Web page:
Elements of Urbanism: Deland

July 20, 2011 8 comments Open printer friendly version of this article Print Article

Metro Jacksonville visits a small community that has been successful at revitalizing its downtown through its Main Street Program: Deland, Florida.

About Deland

Known as Persimmon Hollow for the wild persimmon trees that grow around the natural springs, the area was originally accessible only by steamboat up the St. Johns River. It was settled in 1874 by Captain John Rich, who built a log cabin. It was visited in 1876 by Henry Addison DeLand, a baking soda magnate from Fairport, New York, who envisioned here a citrus, agricultural and tourism center. That year he bought land and founded the town named for himself. He sold his northern business and hired people to clear land, and lay out streets, erect buildings and recruit settlers, most of whom came from upstate New York. Henry Deland was never a full-time resident of Florida. Incorporated in 1882, the city became county seat in 1887. It was the first city in Florida to have electricity.

To enhance the community's stature and culture, and to enhance the value of his local real estate holdings, in 1883, Henry A. DeLand established DeLand Academy, Florida's first private college. But in 1885, a freeze destroyed the orange crop. One story has it that DeLand had guaranteed settlers' investments as an inducement to relocate, and so was obligated to buy back their ruined groves, though there is no hard evidence that this actually happened. Like many other would-be real estate magnates in the area at the time, his Florida investments were nearly worthless after the freeze and he returned to his home in the north. DeLand entrusted the academy to his friend John B. Stetson, a wealthy hat manufacturer from Philadelphia and one of the institution's founding trustees. In 1889, it was renamed John B. Stetson University in its patron's honor. Later shortened to Stetson University, it founded in 1900 the first law school in Florida. The various sports teams are called the Hatters.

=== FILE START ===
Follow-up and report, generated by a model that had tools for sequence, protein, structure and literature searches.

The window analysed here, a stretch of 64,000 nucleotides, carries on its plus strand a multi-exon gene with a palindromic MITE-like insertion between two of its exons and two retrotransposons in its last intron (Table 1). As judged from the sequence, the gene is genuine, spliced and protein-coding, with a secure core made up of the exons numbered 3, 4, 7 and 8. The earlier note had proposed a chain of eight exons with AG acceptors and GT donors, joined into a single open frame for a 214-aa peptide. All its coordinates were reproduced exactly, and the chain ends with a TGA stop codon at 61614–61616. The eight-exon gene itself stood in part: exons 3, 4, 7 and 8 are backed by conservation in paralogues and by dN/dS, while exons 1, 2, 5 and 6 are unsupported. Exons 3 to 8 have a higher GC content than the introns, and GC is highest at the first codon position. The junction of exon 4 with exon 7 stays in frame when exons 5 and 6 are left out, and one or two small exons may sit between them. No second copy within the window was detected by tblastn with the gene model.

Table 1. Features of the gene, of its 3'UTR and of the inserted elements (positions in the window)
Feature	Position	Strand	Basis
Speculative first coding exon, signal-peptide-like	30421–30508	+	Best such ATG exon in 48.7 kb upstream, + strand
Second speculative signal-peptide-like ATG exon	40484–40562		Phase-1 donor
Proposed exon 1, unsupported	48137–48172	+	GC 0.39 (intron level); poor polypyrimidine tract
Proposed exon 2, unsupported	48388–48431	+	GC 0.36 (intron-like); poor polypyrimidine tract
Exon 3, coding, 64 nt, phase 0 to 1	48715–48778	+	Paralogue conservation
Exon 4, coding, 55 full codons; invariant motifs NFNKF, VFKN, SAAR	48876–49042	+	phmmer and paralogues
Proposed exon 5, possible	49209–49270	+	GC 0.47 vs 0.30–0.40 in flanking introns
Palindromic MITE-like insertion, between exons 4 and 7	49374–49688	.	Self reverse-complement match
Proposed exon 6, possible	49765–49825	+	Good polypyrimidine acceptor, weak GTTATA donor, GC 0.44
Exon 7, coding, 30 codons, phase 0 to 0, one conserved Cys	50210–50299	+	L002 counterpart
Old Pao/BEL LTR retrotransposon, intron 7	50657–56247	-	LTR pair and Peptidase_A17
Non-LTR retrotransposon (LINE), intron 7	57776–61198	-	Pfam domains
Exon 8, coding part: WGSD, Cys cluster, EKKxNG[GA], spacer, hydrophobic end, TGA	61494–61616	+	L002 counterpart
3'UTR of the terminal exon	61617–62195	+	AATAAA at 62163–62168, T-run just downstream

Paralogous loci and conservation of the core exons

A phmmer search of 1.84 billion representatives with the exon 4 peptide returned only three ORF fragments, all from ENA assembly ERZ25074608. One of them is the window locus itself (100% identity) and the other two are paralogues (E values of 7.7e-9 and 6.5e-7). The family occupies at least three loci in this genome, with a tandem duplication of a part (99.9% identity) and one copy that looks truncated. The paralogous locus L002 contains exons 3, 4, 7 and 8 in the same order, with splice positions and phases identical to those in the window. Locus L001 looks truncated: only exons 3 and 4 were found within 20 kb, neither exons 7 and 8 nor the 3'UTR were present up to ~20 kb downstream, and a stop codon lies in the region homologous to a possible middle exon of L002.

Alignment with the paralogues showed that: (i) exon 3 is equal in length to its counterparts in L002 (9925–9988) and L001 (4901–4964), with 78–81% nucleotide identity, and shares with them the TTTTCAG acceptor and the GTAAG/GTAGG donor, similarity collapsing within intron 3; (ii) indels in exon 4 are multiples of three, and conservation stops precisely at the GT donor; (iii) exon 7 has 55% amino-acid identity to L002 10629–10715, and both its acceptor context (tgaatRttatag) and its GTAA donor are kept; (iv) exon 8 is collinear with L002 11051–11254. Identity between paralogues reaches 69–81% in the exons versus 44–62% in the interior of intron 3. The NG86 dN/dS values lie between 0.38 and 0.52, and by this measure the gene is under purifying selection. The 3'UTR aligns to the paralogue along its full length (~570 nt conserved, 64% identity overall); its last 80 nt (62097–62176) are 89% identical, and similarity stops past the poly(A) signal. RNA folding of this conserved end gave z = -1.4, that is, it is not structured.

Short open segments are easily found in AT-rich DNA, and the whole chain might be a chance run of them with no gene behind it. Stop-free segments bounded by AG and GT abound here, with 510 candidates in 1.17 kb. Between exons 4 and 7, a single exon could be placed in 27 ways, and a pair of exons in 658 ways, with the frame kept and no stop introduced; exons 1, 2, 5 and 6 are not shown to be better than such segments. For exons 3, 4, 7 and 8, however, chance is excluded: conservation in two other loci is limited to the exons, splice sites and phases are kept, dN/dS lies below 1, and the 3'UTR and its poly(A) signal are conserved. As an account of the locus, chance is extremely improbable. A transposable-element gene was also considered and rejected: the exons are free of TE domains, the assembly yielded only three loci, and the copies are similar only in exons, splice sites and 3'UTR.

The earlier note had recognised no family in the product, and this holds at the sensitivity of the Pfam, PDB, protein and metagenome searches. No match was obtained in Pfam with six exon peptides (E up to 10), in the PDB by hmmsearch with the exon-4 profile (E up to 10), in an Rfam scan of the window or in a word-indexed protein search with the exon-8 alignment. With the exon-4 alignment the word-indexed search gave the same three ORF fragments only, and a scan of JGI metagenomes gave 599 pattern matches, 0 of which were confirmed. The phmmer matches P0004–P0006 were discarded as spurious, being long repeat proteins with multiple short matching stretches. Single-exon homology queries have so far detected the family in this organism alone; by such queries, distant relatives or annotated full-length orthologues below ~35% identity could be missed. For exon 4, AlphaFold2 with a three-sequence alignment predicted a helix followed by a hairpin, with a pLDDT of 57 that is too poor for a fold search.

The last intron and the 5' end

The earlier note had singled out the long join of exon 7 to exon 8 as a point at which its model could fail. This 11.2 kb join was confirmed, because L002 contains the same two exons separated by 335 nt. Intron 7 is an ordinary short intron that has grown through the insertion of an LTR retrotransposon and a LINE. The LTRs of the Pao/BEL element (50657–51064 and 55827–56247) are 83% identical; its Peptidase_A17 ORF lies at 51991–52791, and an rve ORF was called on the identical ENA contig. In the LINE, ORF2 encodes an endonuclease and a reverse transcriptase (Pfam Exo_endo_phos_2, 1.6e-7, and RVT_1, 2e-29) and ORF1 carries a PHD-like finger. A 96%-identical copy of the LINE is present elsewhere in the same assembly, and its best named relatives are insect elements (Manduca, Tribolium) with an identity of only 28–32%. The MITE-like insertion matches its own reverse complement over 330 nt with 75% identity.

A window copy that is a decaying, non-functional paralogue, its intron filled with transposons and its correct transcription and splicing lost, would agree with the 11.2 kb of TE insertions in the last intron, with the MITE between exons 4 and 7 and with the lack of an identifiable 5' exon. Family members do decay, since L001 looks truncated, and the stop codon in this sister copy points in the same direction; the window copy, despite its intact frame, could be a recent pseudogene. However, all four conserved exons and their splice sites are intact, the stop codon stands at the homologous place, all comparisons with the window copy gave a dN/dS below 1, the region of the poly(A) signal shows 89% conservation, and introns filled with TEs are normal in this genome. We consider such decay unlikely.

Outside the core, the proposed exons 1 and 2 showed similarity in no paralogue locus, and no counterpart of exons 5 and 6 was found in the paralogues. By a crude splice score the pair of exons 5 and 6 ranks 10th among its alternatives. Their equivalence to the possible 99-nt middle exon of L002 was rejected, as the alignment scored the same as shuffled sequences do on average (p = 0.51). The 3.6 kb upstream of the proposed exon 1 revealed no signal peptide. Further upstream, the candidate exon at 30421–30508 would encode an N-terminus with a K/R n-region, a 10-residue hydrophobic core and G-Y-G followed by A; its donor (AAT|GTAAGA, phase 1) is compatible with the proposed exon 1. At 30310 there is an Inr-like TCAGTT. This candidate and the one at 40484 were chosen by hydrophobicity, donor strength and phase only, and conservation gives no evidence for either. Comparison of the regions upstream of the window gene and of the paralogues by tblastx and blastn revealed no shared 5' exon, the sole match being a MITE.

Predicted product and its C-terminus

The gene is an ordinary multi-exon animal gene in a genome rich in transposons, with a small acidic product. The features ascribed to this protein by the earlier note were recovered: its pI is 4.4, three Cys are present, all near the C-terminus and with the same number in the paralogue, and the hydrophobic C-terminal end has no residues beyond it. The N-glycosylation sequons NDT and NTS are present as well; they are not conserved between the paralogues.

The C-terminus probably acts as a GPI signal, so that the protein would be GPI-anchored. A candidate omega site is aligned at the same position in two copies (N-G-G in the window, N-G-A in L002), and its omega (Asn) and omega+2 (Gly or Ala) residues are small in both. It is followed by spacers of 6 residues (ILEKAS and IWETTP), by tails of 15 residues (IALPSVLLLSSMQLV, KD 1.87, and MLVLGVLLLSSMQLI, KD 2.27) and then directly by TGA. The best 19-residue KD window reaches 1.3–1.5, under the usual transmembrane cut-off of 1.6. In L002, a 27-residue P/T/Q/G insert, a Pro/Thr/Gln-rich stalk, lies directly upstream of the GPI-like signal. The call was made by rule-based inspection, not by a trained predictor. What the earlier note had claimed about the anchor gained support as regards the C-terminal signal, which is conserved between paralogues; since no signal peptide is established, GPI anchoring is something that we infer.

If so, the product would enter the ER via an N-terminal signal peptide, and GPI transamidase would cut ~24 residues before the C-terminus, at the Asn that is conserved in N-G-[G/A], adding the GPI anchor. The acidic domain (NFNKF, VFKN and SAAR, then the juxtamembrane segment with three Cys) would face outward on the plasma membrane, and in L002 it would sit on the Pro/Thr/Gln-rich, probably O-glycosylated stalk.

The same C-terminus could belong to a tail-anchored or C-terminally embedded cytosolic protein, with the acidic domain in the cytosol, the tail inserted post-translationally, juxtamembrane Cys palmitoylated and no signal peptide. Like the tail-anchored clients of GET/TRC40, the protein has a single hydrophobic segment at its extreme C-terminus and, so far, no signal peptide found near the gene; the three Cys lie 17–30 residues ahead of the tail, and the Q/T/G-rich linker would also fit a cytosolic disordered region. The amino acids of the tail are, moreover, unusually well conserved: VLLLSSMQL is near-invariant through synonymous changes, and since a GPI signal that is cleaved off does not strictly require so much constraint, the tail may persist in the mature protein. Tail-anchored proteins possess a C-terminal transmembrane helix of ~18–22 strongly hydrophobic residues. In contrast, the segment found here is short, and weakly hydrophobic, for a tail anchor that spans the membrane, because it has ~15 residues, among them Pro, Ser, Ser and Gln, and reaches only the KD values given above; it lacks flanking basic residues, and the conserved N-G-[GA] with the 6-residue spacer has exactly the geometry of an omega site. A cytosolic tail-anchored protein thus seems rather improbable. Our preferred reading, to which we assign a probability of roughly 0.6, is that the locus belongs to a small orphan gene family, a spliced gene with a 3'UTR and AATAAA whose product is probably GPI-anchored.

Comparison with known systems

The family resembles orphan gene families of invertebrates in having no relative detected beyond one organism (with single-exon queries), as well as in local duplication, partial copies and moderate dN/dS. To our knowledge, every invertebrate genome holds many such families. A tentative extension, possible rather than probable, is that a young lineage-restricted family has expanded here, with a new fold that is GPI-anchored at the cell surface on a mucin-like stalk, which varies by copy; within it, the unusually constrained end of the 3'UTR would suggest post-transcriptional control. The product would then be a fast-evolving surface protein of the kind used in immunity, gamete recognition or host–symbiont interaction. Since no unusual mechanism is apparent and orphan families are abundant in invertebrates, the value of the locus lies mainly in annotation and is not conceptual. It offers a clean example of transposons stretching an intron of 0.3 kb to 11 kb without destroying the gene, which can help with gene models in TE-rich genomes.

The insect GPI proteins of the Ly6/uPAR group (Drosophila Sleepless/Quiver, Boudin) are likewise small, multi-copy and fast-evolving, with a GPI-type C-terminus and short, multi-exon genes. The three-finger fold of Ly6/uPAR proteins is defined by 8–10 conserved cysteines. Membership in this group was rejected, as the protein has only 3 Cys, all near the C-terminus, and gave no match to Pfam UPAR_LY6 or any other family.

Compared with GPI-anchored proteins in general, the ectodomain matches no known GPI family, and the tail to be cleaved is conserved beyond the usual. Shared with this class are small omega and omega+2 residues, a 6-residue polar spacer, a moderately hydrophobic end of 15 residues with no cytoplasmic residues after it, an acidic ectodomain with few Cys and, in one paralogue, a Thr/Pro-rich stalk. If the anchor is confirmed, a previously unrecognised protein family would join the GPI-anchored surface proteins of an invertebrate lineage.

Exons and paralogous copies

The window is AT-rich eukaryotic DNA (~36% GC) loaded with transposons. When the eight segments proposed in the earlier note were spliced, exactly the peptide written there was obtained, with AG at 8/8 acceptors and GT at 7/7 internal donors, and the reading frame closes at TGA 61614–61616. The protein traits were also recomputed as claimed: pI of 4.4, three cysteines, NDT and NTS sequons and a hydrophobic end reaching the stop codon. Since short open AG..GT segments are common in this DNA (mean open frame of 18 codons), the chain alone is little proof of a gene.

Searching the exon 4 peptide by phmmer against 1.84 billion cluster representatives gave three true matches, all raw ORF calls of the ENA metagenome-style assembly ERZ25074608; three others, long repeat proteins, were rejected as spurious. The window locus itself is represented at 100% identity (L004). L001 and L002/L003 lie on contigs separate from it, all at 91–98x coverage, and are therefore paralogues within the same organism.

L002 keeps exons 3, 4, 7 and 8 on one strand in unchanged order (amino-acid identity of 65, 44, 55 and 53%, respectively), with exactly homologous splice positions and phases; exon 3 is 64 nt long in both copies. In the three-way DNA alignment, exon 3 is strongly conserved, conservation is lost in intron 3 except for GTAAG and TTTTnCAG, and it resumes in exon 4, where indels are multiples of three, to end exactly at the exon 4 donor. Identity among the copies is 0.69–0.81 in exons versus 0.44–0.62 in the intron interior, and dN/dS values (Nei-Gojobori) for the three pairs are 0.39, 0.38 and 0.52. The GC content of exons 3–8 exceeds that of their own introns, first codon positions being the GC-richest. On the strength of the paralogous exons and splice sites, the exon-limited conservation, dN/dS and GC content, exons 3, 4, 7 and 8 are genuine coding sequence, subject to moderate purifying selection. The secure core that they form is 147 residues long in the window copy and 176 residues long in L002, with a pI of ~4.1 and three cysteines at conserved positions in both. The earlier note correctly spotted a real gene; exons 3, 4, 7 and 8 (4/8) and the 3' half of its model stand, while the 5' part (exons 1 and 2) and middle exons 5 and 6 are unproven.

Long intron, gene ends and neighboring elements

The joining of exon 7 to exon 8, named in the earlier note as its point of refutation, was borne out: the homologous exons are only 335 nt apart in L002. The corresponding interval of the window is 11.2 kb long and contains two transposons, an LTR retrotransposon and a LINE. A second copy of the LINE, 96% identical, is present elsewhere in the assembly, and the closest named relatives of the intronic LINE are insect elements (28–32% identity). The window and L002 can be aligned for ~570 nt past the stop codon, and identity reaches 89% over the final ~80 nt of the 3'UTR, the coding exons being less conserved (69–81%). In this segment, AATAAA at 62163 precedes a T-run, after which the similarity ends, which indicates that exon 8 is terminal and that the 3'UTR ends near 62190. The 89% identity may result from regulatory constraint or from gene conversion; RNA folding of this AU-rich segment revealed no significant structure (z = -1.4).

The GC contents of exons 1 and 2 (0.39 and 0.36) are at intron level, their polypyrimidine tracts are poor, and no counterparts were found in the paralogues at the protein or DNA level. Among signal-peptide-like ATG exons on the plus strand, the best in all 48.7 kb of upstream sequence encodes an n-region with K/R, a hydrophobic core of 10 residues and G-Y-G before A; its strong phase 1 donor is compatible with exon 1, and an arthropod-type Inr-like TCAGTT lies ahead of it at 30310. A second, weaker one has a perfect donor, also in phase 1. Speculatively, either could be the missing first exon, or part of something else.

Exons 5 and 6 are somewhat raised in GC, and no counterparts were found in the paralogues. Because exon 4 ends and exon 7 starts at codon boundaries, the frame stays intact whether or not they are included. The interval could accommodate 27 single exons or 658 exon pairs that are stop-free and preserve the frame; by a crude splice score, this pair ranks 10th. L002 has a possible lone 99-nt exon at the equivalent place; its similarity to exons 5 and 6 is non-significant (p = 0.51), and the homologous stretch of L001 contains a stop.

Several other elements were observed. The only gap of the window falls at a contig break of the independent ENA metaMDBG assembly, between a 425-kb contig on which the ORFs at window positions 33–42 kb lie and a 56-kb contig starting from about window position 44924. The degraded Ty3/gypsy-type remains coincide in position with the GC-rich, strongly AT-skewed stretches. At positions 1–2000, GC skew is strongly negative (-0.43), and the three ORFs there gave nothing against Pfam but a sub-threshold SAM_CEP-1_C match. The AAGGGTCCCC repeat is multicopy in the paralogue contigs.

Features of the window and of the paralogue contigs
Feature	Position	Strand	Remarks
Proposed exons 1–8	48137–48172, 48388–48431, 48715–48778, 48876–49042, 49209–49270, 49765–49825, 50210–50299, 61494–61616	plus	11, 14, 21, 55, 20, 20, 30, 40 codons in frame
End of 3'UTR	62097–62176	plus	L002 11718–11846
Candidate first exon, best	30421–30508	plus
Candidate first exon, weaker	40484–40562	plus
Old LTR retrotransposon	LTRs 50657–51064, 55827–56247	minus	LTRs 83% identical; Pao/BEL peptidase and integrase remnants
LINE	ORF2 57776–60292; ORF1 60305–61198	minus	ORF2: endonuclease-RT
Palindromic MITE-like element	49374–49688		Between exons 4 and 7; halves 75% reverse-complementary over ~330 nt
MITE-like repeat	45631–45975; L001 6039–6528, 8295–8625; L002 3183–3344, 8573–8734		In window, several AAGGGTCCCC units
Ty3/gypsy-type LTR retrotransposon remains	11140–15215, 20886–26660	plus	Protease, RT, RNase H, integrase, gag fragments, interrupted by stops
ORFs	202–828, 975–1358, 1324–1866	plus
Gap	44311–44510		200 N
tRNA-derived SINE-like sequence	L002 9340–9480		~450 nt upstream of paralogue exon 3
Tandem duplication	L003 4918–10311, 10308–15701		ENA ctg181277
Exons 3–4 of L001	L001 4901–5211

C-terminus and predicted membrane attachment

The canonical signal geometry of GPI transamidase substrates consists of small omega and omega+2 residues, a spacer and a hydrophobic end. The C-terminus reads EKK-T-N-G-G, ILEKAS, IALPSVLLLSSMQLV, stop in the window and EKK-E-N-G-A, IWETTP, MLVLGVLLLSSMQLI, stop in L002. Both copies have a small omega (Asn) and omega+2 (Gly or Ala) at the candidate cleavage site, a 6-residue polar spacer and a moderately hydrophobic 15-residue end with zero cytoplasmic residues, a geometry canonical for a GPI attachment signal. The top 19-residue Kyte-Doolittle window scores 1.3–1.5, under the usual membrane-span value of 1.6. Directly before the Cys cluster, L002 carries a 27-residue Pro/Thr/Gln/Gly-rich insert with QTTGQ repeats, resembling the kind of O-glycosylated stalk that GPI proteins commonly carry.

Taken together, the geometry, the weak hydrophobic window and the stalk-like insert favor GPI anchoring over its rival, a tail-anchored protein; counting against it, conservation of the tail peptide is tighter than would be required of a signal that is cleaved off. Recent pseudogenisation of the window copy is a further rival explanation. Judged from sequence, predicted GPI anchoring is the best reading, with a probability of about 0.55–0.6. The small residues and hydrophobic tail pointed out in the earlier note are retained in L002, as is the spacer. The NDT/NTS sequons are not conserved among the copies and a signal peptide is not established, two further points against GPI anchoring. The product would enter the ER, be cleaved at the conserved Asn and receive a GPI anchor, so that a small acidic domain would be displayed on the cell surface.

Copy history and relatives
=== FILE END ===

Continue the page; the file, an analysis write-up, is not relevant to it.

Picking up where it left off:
During the 1920s Florida Land Boom, DeLand's streets filled with fine examples of stucco Mediterranean Revival Style architecture by native architect Medwin Peek and others, many of which have been handsomely restored, one namely being the recently reopened Athens Theatre, which is under the ownership of the Sands Theater Center, Inc.
Since 1992, the city hosts the Deland Fall Festival of the Arts, a two-day event in the historic downtown area. As of 2009, the event has an annual attendance of more than 50,000 over the weekend immediately prior to Thanksgiving each year.

Stetson University

Just north of downtown Deland with 2,200 students and founded in 1883, Stetson University is Florida's first university.


According to Gilbert Lycan, a Stetson history professor who wrote the university's official centennial history in 1983, Stetson University is Florida's first university, public or private. Stetson University was founded in 1883 by Henry Addison DeLand, a New York philanthropist, as DeLand Academy. In 1887, the Florida Legislature enacted the Charter of DeLand University as an independent institution of higher learning. Rollins College was founded and chartered in 1885, thus making it the oldest recognized college, public or private.

DeLand University's name was changed in 1889 to honor hat manufacturer John B. Stetson, a benefactor of the university, who served with town founder, Henry A. DeLand, and others as a founding trustee of the university.
Stetson University was affiliated with the Florida Baptist Convention until the early 1990s, when the university and convention ended their relationship.


The university's College of Arts & Sciences, School of Business Administration, School of Music, and most graduate programs are housed at the DeLand campus, located just north of the downtown area of DeLand, Florida. More than 60 undergraduate majors and minors are offered.